This profile is republished from our friends at VOTE-NOLA:
Like many others, Vernon Bolds was introduced to VOTE by an existing member. “Post Katrina I was trying to work on my case, and someone gave me Norris’ address,” Bolds said. “Norris told me about VOTE and I was immediately interested.”
Bolds appreciates both VOTE’s practical contribution to alleviating the hardships of Formerly Incarcerated Persons (FIPS) as well as its overall framework of positivity and civic engagement. Due to the negative societal perception of FIPS when they are released from prison and must rejoin the workforce, Vernon thinks that VOTE’s CEED campaign (Campaign to End Employment Discrimination) should be the organization’s focal point. “The FIPS that do get jobs, their employers fall in love with them because they appreciate the job,” Bolds said.
Though access to gainful employment is a key issue that draws Vernon to participate in VOTE, the overall mission of the organization is what inspires him the most. “Their aim is to wake up a sleeping giant so we can make a positive difference in society,” Bolds said, referring to the power of the formerly incarcerated vote. The civic education that VOTE provides gives Bolds motivation to engage in other social issues outside of the organization. He is especially interested in youth empowerment. “I’d like to be a big brother,” Bolds said, “It’s everyone’s responsibility to save at least one youngster.”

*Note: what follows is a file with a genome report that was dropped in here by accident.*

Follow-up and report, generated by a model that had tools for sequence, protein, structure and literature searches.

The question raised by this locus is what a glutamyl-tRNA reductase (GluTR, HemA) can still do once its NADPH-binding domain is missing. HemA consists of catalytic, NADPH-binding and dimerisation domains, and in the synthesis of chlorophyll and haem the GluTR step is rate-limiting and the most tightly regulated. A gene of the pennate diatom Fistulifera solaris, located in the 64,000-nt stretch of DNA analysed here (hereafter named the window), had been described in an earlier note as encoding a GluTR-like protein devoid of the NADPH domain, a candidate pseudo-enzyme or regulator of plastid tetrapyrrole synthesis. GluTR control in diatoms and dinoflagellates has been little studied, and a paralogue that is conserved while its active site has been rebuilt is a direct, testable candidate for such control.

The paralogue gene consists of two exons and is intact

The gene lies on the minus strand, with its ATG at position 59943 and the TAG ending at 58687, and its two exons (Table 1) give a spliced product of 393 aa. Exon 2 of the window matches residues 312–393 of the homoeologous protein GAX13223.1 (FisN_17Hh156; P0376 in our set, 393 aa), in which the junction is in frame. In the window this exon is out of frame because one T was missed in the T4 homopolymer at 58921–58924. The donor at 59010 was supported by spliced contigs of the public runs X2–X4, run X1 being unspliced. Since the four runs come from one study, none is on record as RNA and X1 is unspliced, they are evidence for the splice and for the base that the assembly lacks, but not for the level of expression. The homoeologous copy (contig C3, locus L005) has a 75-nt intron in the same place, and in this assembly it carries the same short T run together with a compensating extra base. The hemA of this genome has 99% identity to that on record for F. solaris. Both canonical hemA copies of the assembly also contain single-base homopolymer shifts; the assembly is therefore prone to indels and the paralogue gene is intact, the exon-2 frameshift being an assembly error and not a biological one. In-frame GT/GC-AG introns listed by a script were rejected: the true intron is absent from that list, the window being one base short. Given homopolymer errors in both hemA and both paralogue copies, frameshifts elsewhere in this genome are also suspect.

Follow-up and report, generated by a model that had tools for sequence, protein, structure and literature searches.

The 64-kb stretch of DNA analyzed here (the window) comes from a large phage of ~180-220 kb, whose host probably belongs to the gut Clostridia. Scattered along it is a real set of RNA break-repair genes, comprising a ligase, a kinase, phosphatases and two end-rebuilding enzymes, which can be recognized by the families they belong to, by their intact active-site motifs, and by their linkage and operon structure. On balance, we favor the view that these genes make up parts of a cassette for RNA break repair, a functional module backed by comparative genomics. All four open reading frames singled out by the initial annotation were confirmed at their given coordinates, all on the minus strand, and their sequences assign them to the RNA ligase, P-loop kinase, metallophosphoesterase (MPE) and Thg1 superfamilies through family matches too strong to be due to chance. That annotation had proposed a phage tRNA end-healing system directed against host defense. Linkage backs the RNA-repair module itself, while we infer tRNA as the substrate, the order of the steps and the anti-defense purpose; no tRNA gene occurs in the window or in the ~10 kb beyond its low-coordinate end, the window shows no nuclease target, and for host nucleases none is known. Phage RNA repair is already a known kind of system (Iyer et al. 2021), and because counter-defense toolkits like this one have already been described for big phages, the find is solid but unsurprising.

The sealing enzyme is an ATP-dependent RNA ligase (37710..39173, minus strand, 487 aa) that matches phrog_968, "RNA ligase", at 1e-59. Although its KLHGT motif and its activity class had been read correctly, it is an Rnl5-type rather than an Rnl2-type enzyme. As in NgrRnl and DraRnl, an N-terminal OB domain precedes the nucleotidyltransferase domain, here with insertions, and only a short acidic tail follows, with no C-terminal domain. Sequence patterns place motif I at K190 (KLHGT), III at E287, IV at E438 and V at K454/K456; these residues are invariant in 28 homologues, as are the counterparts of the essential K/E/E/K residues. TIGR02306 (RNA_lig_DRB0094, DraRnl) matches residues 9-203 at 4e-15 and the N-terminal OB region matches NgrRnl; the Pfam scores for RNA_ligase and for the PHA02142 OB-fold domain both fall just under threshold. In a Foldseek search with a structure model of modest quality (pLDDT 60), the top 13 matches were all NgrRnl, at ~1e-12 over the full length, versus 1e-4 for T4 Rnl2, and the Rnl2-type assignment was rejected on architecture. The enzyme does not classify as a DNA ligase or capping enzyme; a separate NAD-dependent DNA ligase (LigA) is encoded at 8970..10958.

The civic lessons and resources that Bold has accessed through VOTE have opened his eyes to the structural problems of the criminal justice system. “VOTE takes you behind the scenes. You see the subterranean criminal justice system.” Bolds believes that the resources that VOTE provides to FIPs should be widely distributed in the community, through the VOTE website, in order to inform members and non-members alike about their legal options and their civic responsibilities. “I’d like to set up a FAQ on the website as it pertains to the law,” Bolds explained.